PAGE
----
For further information on buying or selling your home, please contact Teresa Scoular on 01566 772375 or email email@example.com
The contents of this article are for purposes of general awareness only. They do not purport to constitute legal or professional advice. The law may have changed since this article was published. Readers should not act on the basis of the information included and should take appropriate professional advice upon their own particular circumstances.
Has your personal information been shared without your permission?
Planning your escape to the country, what you need to consider – part 2
Government consultation on new national model for shared ownership
Choosing a partnership structure
Planning for what happens when you die by Deborah Adams
Changes to legislation could offer protection for tenants in the private rental sector
Move to the country - Part One
The risks of DIY probate
Will your septic tank still be legal in January?
The death knell for ‘kiss and tell’?
Making a will when you retire
Selling your property at auction
Not looking so good - your guide to compensation for botched non-surgical cosmetic procedures
New threshold of seriousness in defamation proceedings
Legal considerations when building a granny annex
Choosing the right person for your power of attorney
Formal Interviews - Do you need legal representation?
Privacy rights and aerial images
Trustees’ duty to give information to beneficiaries
Five problems with a leasehold property
Taking your first commercial lease
Is your organisation protected from employee social media legal risk?
Have you been targeted by negative social media posts?
Farmers be alert when being inspected
Help for House Sellers?
Don’t let your digital assets end up in a digital grave
Valuing an estate for probate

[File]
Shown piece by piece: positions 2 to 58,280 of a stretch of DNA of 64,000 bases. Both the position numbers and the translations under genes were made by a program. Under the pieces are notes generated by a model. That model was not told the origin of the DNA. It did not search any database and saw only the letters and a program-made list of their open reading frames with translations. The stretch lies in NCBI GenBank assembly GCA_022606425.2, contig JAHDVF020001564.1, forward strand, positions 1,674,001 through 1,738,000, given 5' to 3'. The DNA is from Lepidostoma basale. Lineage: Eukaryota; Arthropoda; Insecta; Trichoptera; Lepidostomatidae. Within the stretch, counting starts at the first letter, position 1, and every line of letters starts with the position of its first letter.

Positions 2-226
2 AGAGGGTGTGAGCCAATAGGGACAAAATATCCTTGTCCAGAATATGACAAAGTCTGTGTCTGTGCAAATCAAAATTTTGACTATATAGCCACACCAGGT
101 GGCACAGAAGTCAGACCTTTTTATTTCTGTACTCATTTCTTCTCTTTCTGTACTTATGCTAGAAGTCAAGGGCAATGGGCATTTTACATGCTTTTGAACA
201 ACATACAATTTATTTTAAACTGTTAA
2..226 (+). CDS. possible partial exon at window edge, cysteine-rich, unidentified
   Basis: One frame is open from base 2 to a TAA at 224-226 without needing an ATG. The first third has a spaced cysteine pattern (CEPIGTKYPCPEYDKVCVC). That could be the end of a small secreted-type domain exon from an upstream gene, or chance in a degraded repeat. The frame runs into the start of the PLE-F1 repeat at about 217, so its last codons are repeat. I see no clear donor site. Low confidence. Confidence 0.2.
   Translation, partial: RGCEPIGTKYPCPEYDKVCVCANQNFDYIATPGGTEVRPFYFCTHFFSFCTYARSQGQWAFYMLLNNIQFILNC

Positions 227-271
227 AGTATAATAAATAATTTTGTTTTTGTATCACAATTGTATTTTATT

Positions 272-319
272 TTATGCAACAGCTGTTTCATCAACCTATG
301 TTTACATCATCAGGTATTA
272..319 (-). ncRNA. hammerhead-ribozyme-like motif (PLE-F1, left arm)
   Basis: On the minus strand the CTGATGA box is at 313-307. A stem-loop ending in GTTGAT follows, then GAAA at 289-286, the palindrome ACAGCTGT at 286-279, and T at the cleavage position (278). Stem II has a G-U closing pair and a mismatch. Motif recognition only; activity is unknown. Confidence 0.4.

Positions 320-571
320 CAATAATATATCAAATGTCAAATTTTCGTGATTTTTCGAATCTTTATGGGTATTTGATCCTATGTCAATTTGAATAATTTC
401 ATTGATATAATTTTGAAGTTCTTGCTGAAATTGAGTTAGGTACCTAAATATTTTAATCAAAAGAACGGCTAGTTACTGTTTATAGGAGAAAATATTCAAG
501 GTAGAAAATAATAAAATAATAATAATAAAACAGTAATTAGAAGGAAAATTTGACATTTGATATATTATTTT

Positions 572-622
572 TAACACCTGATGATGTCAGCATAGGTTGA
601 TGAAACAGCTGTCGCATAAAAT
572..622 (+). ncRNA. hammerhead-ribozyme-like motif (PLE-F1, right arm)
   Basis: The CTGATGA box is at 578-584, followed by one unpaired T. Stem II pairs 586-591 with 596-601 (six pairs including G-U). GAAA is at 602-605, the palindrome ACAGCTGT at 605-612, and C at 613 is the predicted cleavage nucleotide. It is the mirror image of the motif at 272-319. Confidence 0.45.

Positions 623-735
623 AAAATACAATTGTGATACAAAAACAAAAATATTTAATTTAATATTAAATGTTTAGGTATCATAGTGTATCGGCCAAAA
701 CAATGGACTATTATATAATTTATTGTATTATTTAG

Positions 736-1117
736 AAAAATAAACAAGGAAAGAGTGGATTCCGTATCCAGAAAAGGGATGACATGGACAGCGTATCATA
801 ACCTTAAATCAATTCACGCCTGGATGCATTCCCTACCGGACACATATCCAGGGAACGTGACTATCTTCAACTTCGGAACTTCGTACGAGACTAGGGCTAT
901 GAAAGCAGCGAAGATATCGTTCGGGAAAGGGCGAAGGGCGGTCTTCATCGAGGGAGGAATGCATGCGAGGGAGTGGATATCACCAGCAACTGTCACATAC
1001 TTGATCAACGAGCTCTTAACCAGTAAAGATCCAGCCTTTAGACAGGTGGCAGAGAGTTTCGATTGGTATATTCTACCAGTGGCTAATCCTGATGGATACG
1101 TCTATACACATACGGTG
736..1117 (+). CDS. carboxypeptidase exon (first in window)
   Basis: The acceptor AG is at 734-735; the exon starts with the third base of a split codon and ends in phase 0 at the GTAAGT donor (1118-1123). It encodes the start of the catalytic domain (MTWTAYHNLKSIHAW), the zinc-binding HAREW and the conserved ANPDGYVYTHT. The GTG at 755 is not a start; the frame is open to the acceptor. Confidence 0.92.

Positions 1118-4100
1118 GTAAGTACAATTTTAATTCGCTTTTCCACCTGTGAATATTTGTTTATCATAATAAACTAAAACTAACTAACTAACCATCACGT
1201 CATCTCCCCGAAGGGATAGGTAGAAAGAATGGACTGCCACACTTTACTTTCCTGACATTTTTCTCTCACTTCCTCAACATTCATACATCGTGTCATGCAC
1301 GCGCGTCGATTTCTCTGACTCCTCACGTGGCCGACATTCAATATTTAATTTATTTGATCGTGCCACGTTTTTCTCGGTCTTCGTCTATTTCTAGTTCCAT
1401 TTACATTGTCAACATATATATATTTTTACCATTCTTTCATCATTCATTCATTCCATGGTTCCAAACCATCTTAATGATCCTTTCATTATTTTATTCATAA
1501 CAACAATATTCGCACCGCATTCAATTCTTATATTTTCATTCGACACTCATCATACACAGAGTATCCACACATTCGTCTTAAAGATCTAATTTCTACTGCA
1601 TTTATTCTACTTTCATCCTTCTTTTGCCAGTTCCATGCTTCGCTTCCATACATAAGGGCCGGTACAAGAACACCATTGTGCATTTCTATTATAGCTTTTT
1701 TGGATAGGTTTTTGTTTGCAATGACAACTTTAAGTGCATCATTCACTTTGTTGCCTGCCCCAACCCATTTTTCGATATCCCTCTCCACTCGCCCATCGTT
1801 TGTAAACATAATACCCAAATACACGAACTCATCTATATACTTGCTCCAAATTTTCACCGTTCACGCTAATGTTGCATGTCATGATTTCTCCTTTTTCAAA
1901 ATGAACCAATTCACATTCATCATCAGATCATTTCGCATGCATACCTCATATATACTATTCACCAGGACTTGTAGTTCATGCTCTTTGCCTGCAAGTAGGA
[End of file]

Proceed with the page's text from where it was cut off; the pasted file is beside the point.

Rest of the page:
Development proposals and your local authority search
What can you do if your child is injured in a serious accident
NetRights welcomes new protection for social media users
SHOULD I GET A LAWYER FOR A SPEEDING OFFENCE?
Supreme Court recognises that social media is a “casual medium” in libel battle
Choosing the best conveyancer who is right for you
Making a will after a second or subsequent marriage
Option or promotion agreement – which is best for landowners?
Anonymous pub and restaurant online reviews leave a bad taste
Have you had an accident involving a horse?
Help to Buy – beware of some cracks in the structure
Understanding Lasting Powers of Attorney
Changes to Energy Performance Certificate for Landlords
Had a cycling accident? Your route to obtaining compensation
New year, new home: tips to sell your home in the New Year
Tax Planning for your inheritance
Hearing loss: when your employer may be liable
Buying a home for your retirement, five things you need to consider
Farmers plan to diversify after Brexit
Ministers press ahead with probate fee shake-up - reports BBC News
Botched dental treatment? You may be entitled to compensation
Why a Health and Welfare Power of Attorney is a good idea
Will the new charge on building developments in Cornwall affect you?
Energy Performance Certificates – Do They Matter?
HMRC Challenging Stamp Duty Land Tax Payments
Ben Mitchell qualifies as a solicitor
The potential implications of Brexit on employment law
Appointing a guardian for your children
Houses in multiple occupation – new rules from October 2018
New Agriculture Bill published
Will Brexit affect my pension?
Dreaming of a holiday home? Sort out the legals before putting your feet up
Lasting Power of Attorney by Deborah Adams
Settled status after Brexit by Alexis Hager
How to choose an executor to administer your estate when you die
How overage agreements can boost profits from your land
Top tips for first-time buyers
How Could Brexit Affect My Farm?
Wills & Succession in Spain by Deborah Adams
Brexit – an international and local view by Alexis Hager, Litigation
Capital gains tax - important facts for non-residents of the UK
Buying a home: the importance of making sure the seller is entitled to sell
Changing a will after someone has died: it is possible and it could save you money
Your responsibilities when you have people working in your home
Sad passing of Battle of Britain pilot who served with Parnall family member
Considerations when buying a heritage property
Disciplinary proceedings at work: guide for employers
Employers should have a disciplinary process in place, but just following this may not be enough to avoid falling foul of the law and exposing yourself to the risk of an employment tribunal claim.